9. 9.
    Graner, F., Glazier, J.A.: Simulation of biological cell sorting using a two-dimensional extended Potts model. Phys. Rev. Lett. 69, 2013–2016 (1992)CrossRefGoogle Scholar
  10. 10.
    Hackett-Jones, E.J., Landman, K.A., Newgreen, D.F., Zhang, D.: On the role of differential adhesion in gangliogenesis in the enteric nervous system. J. Theor. Biol. 287, 148–159 (2011)CrossRefGoogle Scholar
  11. 11.
    Hao, M.M., Anderson, R.B., Kobayashi, K., Whitington, P.M., Young, H.M.: The migratory behaviour of immature enteric neurons. Dev. Neurobiol. 69, 22–35 (2009)Google Scholar
  12. 12.
    Hao, M.M., Anderson, R.B., Young, H.M.: Development of enteric neuron diversity. J. Cell. Mol. Med. 13, 1193–1210 (2009)CrossRefGoogle Scholar
  13. 13.
    Hearn, C.J., Young, H.M., Ciampoli, D., Lomax, A.E., Newgreen, D.F.: Catenary cultures of embryonic gastrointestinal tract support organ morphogenesis, motility, neural crest cell migration, and cell differentiation. Dev. Dyn. 214, 239–247 (1999)CrossRefGoogle Scholar
  14. 14.
    Hendershot, T.J., Liu, H., Sarkar, A.A., Giovannucci, D.R., Clouthier, D.E., Abe, M., Howard, M.J.: Expression of Hand2 is sufficient for neurogenesis and cell type-specific gene expression in the enteric nervous system. Dev. Dyn. 236, 93–105 (2007)CrossRefGoogle Scholar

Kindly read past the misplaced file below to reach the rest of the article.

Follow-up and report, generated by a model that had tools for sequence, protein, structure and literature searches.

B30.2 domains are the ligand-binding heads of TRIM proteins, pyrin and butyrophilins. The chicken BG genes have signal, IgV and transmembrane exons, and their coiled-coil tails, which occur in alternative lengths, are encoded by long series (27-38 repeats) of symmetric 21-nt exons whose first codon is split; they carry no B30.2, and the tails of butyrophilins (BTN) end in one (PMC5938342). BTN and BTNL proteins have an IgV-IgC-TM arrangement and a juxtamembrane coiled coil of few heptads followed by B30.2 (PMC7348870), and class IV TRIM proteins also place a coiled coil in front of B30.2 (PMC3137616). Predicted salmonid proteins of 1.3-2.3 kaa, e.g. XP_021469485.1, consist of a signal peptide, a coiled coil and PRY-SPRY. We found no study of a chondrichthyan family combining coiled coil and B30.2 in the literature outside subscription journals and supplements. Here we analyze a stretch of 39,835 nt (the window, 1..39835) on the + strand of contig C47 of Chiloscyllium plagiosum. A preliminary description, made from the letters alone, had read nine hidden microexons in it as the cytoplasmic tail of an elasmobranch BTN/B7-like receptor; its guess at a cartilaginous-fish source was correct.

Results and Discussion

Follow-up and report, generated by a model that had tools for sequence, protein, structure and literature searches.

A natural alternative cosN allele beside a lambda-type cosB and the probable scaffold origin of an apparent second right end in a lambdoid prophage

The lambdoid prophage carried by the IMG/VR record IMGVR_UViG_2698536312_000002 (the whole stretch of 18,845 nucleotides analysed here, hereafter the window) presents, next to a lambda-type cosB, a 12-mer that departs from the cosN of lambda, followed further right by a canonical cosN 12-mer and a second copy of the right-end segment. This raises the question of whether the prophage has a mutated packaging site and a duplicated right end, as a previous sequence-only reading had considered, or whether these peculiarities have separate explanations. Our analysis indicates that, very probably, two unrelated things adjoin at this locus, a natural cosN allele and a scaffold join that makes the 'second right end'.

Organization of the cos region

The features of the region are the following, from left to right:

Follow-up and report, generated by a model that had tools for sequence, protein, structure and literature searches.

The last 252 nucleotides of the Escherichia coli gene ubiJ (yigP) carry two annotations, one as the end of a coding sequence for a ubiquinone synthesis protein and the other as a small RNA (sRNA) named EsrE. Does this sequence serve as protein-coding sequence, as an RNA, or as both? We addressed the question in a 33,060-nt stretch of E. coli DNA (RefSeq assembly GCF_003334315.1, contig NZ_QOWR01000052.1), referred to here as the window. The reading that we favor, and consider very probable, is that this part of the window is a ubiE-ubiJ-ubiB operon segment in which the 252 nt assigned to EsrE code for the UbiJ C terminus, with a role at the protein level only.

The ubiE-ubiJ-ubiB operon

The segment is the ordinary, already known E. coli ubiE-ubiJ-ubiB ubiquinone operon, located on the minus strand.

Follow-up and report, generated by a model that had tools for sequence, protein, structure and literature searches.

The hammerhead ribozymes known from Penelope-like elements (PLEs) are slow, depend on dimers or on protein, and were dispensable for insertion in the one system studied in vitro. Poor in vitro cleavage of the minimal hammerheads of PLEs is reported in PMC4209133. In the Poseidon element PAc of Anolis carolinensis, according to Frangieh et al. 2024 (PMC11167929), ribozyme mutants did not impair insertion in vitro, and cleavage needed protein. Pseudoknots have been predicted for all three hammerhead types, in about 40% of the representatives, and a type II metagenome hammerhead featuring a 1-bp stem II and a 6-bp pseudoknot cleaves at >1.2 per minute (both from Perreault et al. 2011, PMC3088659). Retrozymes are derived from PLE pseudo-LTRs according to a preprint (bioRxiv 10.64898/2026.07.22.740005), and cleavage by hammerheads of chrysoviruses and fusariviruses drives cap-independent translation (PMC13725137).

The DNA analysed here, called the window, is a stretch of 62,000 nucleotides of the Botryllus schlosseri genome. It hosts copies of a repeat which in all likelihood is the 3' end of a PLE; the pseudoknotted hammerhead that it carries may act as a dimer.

15. 15.
    Horton, J.D.: A polynomial-time algorithm to find a shortest cycle basis of a graph. SIAM J. Comput. 16, 359–366 (1987)MathSciNetCrossRefzbMATHGoogle Scholar
  16. 16.
    Hoshen, J., Kopelman, R.: Percolation and cluster distribution. I. Cluster multiple labeling technique and critical density algorithm. Phys. Rev. B 14, 3438–3445 (1976)CrossRefGoogle Scholar
  17. 17.
    Hotta, R., Anderson, R.B., Kobayashi, K., Newgreen, D.F., Young, H.M.: Effects of tissue age, presence of neurones and endothelin-3 on the ability of enteric neurone precursors to colonize recipient gut: implications for cell-based therapies. Neurogastroenterol. Motil. 22, 331–e86 (2010)CrossRefGoogle Scholar
  18. 18.
    Landman, K.A., Fernando, A.E., Zhang, D., Newgreen, D.F.: Building stable chains with motile agents: Insights into the morphology of enteric neural crest cell migration. J. Theor. Biol. 276, 250–268 (2011)CrossRefGoogle Scholar
  19. 19.
    Landman, K.A., Binder, B.J., Newgreen, D.F.: Modeling development and disease in our “second” brain. Lect. Notes Comput. Sci. 7495, 405 (2012)CrossRefGoogle Scholar
  20. 20.
    Longo, D., Peirce, S.M., Skalak, T.C., Davidson, L., Marsden, M., Dzamba, B., DeSimone, D.W.: Multicellular computer simulation of morphogenisis: blastocoel roof thinning and matrix assembly in Xenopus laevis. Dev. Biol. 271, 210–222 (2004)CrossRefGoogle Scholar
  21. 21.
    Mehlhorn, K., Michail, D.: Implementing minimum cycle basis algorithms. J. Exp. Algorithmics 11, 1–14 (2006)MathSciNetzbMATHGoogle Scholar
  22. 22.
    Meier-Ruge, W.A., Bruder, E., Kapur, R.P.: Intestinal neuronal dysplasia type B: one giant ganglion is not good enough. Pediatr. Dev. Pathol. 9, 444–452 (2006)CrossRefGoogle Scholar
  23. 23.
    Merks, R.M.H., Glazier, J.A.: A cell-centered approach to developmental biology. Physica A 352, 113–130 (2005)CrossRefGoogle Scholar
  24. 24.
    Newgreen, D.F., Southwell, B., Hartley, L., Allan, I.J.: Migration of enteric neural crest cells in relation to growth of the gut in avian embryos. Acta Anat. 157, 105–115 (1996)CrossRefGoogle Scholar
  25. 25.
    Newgreen, D., Young, H.M.: Enteric nervous system: development and developmental disturbances-part 1. Pediatr. Dev. Pathol. 5, 224–247 (2002)Google Scholar